Let us take an example. Assume that there is only one bank in the country. Let us construct a fictional balance sheet for this bank. Balance sheet is a record of assets and liabilities of any firm. Conventionally, the assets of the firm are recorded on the left hand side and liabilities on the right hand side. Accounting rules say that both sides of the balance sheet must be equal or total assets must be equal to the total liabilities. Assets are things a firm owns or what a firm can claim from others. In case of a bank, apart from buildings, furniture, etc., its assets are loans given to public. When the bank gives out loan of Rs 100 to a person, this is the bank’s claim on that person for Rs 100. Another asset that a bank has is reserves. Reserves are deposits which commercial banks keep with the Central bank, Reserve Bank of India (RBI) and its cash. These reserves are kept partly as cash and partly in the form of financial instruments (bonds and treasury bills) issued by the RBI. Reserves are similar to deposits we keep with banks. We keep deposits and these deposits are our assets, they can be withdrawn by us. Similarly, commercial banks like State Bank of India (SBI) keep their deposits with RBI and these are called Reserves.

Assets = Reserves + Loans

Liabilities for any firm are its debts or what it owes to others. For a bank, the main liability is the deposits which people keep with it.

Liabilities = Deposits

The accounting rule states that both sides of the account must balance. Hence if assets are greater than liabilities, they are recorded on the right hand side as Net Worth.

Net Worth = Assets – Liabilities


3.3.1 Balance Sheet of a Fictional Bank

Let our fictional bank start with deposits (liabilities) equal to Rs 100. This could be because Ms Fernandes has deposited Rs 100 in the bank. Let this bank deposit the same amount with RBI as reserves. Table 3.1 represents its balance sheet.

3.1 Balance Sheet of a Bank

Assets Liabilities
Reserves Rs 100 Deposits Rs 100
Net Worth Rs 0
Total Rs 100 Net Worth Rs 0

  

If we assume that there is no currency in circulation, then the total money supply in the economy will be equal to Rs 100.

M1= Currency + Deposits = 0 +100 =100


3.3.2 Limits to Credit Creation and Money Multiplier

Suppose Mr. Mathew comes to this bank for a loan of Rs 500. Can our bank give this loan? If it gives the loan and Mr Mathew deposits the loan amount in the bank itself, the total bank deposits and therefore, the total money supply will rise. It seems as though the banks can go on creating as much money as they want.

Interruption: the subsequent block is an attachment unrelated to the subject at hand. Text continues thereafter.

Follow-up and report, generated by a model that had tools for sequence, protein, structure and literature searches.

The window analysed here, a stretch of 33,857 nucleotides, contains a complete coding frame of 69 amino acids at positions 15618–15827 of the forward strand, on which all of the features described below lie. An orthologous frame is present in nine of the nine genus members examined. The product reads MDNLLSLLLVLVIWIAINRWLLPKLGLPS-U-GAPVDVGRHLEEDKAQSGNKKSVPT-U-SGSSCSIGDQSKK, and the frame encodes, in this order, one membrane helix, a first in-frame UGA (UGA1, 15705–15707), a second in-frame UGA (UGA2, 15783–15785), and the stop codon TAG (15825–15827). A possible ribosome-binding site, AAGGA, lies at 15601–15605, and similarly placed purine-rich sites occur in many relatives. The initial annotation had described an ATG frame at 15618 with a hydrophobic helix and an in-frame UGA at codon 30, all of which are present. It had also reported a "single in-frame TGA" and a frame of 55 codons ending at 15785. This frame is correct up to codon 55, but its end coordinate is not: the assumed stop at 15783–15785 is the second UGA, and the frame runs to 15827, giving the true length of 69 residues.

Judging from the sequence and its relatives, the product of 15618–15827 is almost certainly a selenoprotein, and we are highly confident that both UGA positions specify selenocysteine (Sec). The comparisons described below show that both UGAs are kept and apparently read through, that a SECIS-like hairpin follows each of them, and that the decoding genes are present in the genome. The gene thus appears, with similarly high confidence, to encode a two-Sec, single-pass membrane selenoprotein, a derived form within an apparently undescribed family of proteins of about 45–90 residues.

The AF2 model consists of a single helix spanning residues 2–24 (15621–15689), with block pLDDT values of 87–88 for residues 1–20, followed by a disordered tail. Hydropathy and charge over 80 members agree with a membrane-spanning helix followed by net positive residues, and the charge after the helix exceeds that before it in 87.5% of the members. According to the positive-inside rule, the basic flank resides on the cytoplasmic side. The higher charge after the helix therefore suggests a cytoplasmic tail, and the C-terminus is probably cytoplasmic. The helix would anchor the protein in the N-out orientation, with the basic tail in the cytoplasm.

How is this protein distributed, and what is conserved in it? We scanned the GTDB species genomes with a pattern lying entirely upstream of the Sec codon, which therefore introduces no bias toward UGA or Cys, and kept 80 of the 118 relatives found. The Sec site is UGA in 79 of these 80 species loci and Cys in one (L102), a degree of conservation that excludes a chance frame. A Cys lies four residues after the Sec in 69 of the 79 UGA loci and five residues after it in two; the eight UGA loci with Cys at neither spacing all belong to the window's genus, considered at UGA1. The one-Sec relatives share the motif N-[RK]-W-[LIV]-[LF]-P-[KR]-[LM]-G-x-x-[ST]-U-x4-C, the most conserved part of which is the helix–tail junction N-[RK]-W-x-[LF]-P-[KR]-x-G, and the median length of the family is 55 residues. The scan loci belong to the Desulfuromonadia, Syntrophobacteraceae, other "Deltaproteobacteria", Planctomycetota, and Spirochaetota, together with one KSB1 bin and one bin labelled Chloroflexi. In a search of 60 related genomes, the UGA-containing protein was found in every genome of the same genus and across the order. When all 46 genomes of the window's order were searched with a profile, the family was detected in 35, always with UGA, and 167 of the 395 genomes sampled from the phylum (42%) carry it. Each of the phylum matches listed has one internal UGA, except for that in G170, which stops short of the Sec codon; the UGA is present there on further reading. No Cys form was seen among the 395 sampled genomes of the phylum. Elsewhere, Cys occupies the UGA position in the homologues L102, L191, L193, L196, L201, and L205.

But is there a limit to money or credit creation by banks? Yes, and this is determined by the Central bank (RBI). The RBI decides a certain percentage of deposits which every bank must keep as reserves. This is done to ensure that no bank is ‘over lending’. This is a legal requirement and is binding on the banks. This is called the ‘Required Reserve Ratio’ or the ‘Reserve Ratio’ or ‘Cash Reserve Ratio’ (CRR).

Cash Reserve Ratio (CRR) = Percentage of deposits which a bank must keep as cash reserves with itself.

Apart from the CRR, banks are also required to keep some reserves in liquid form in the short term. This ratio is called Statutory Liquidity Ratio or SLR.

In our fictional example, suppose CRR = 20 per cent, then with deposits of Rs 100, our bank will need to keep Rs 20 (20 per cent of 100) as cash reserves. Only the remaining amount of deposits, i.e., Rs 80 (100 – 20 = 80) can be used to give loans. The statutory requirement of the reserve ratio acts as a limit to the amount of credit that banks can create.

We can understand this by going back to our fictional example of an economy with one bank. Let us assume that our bank starts with a deposit of Rs 100 made by Leela. The reserve ratio is 20 per cent. Thus our bank has Rs 80 (100 – 20) to lend and the bank lends out Rs 80 to Jaspal Kaur, which shows up in the bank’s deposits in the next round as liabilities, making a total of Rs 180 as deposits. Now our bank is required to keep 20 per cent of 180 i.e. Rs 36 as cash reserves. Recall that our bank had started with Rs 100 as cash. Since it is required to keep only Rs 36 as reserves, it can lend Rs 64 again (100 – 36 = 64). The bank lends out Rs 64 to Junaid. This in turn shows up in the bank as deposits. The process keeps repeating itself till all the required reserves become Rs 100. The required reserves will be Rs 100 only when the total deposits become Rs 500. This is because for deposits of Rs 500, cash reserves would have to be Rs 100 (20 per cent of 500 = 100). The process is illustrated in Table 3.2.

Table 3.2: Money Multiplier Process

Column 1 Column 2 Column 3 Column 4
Round Deposit in Bank Required Reserve Loan made by Bank
1 100.00 20.00 80.00
2 180.00 36.00 64.00
. . . .
. . . .
. . . .
. . . .
... . . .
Last 500.00 100.00 400.00


The first column lists each round. The second column depicts the total deposits with the bank at the beginning of each round. Twenty per cent of these deposits need to be deposited with the RBI as required reserves (column 3). What the bank lends in each round gets added to the deposits with the bank in the next round. Column 4 indicates the Loans made by the banks.

Table 3.3: Balance Sheet of the Bank

Assets Liabilities
Reserves Rs 100 Deposits (100+400) Rs 500
Loans Rs 400
Total  Rs 500 Total Rs 500

Since the bank is only expected to keep 20 per cent of its deposits as reserves, thus, reserves of Rs 100 (20per cent of 500 = 100) can support the deposits of Rs 500. In other words, our bank can give a loan of Rs 400. Table 3.3 demonstrates its balance sheet.